The Mother and the Self: Rejection of Motherhood in Barnes’s Nightwood & Plath’s The Bell Jar College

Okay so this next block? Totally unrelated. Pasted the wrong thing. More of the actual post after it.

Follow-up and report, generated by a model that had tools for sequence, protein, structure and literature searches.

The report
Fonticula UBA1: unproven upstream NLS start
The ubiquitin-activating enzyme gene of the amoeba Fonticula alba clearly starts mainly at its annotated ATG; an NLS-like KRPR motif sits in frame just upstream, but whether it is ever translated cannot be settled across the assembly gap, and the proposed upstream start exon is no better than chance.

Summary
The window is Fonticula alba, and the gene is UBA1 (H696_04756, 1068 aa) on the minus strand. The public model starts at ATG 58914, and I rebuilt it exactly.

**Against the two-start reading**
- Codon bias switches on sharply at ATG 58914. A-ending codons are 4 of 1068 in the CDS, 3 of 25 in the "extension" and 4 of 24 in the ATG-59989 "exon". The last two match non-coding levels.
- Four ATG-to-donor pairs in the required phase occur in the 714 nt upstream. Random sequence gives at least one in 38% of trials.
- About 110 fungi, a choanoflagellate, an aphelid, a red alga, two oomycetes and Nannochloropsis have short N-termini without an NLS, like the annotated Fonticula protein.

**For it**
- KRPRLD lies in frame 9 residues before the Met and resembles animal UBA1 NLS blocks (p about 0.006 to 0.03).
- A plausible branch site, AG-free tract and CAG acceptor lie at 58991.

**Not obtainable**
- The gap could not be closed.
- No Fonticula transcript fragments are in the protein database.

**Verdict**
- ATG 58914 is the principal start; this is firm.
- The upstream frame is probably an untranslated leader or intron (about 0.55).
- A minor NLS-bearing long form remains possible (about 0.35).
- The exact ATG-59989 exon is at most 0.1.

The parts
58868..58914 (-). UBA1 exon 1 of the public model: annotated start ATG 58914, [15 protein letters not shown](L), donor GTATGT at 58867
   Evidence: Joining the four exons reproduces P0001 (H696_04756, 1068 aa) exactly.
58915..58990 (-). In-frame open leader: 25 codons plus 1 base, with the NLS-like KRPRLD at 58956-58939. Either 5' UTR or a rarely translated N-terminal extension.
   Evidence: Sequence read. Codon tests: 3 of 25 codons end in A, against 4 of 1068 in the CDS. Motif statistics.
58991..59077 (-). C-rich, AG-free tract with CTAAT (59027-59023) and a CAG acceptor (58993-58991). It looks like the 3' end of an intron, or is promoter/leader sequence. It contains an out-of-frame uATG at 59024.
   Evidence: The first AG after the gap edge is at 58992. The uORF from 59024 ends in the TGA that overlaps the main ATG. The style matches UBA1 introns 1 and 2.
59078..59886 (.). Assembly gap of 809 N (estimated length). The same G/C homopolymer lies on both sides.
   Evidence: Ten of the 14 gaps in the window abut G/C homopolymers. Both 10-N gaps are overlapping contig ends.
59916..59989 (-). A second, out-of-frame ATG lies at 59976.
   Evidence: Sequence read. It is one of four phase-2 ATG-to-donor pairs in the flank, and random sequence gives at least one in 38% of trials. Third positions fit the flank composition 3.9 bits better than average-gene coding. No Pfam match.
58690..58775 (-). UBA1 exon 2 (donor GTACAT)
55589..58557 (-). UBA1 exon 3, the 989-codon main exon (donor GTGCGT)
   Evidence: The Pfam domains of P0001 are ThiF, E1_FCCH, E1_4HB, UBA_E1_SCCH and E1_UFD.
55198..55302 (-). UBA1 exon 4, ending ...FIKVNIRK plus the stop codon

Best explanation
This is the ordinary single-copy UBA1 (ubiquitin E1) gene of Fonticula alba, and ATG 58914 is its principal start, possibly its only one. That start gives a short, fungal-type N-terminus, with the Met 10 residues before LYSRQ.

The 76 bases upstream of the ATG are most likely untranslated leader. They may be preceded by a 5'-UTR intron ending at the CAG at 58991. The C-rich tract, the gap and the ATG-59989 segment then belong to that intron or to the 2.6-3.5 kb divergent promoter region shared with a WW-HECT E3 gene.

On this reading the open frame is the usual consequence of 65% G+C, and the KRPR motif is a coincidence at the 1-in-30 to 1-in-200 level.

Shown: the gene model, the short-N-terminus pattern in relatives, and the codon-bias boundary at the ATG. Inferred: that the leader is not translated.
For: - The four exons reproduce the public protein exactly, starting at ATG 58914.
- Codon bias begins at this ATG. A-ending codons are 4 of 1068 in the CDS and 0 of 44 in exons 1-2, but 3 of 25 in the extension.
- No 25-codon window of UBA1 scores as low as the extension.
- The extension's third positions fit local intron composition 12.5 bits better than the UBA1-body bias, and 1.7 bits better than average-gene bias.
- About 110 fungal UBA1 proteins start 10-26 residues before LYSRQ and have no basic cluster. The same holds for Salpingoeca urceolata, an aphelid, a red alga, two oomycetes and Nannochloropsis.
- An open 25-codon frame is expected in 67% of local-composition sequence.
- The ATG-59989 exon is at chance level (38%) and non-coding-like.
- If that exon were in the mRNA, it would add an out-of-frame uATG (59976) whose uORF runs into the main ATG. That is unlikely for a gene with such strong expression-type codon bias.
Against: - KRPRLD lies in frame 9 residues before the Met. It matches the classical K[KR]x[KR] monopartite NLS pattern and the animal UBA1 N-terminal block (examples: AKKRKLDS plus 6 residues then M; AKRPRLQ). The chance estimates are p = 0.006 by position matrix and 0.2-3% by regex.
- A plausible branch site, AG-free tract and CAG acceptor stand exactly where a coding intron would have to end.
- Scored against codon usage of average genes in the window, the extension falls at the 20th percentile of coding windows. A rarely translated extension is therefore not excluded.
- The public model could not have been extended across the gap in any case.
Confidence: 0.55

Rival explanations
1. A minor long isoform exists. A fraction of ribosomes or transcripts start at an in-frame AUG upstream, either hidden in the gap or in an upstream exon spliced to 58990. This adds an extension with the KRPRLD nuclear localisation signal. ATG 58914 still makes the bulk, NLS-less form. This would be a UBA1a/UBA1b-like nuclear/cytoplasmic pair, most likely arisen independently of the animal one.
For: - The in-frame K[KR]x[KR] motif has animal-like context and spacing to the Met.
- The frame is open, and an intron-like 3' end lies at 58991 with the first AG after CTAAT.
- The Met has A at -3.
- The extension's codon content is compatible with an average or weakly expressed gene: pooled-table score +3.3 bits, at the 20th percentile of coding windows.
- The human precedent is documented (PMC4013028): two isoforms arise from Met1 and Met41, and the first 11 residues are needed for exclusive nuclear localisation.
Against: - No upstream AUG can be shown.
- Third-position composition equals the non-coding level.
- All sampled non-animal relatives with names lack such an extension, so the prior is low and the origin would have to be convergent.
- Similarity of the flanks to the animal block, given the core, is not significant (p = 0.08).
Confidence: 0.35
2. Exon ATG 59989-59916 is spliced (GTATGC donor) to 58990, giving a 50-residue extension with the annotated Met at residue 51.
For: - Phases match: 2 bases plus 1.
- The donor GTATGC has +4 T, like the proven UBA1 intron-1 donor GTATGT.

The female or female-identifying writer must often acknowledge motherhood in her writing, as men often project and expect women to act like their mothers even in sexual relationships. No matter what wave of feminism, motherhood is still seen as something central to the upbringing of children, whether it is something present or absent. While much of Freudian theory for the development of young women is father-centric, the role of the mother is crucial to who women (particularly women writers) choose to become. Djuna Barnes’s Nightwood, while being anything but a traditional text, exemplifies how a woman rejects a motherhood role while also looking for a mother in her relationships in her relationships with other women. Sylvia Plath’s The Bell Jar alternatively investigates the relationship between female domestic incarceration in Cold War-era United States to the entrapment of the asylum and mental health double standards. This essay discusses the significance of motherhood and maternal values in the texts as well as the ultimate rejection of traditional motherhood roles. The blatant rejection of motherhood by Robin in Nightwood and Esther’s embrace of birth control to assuage her fears of becoming pregnant in The Bell Jar serve...
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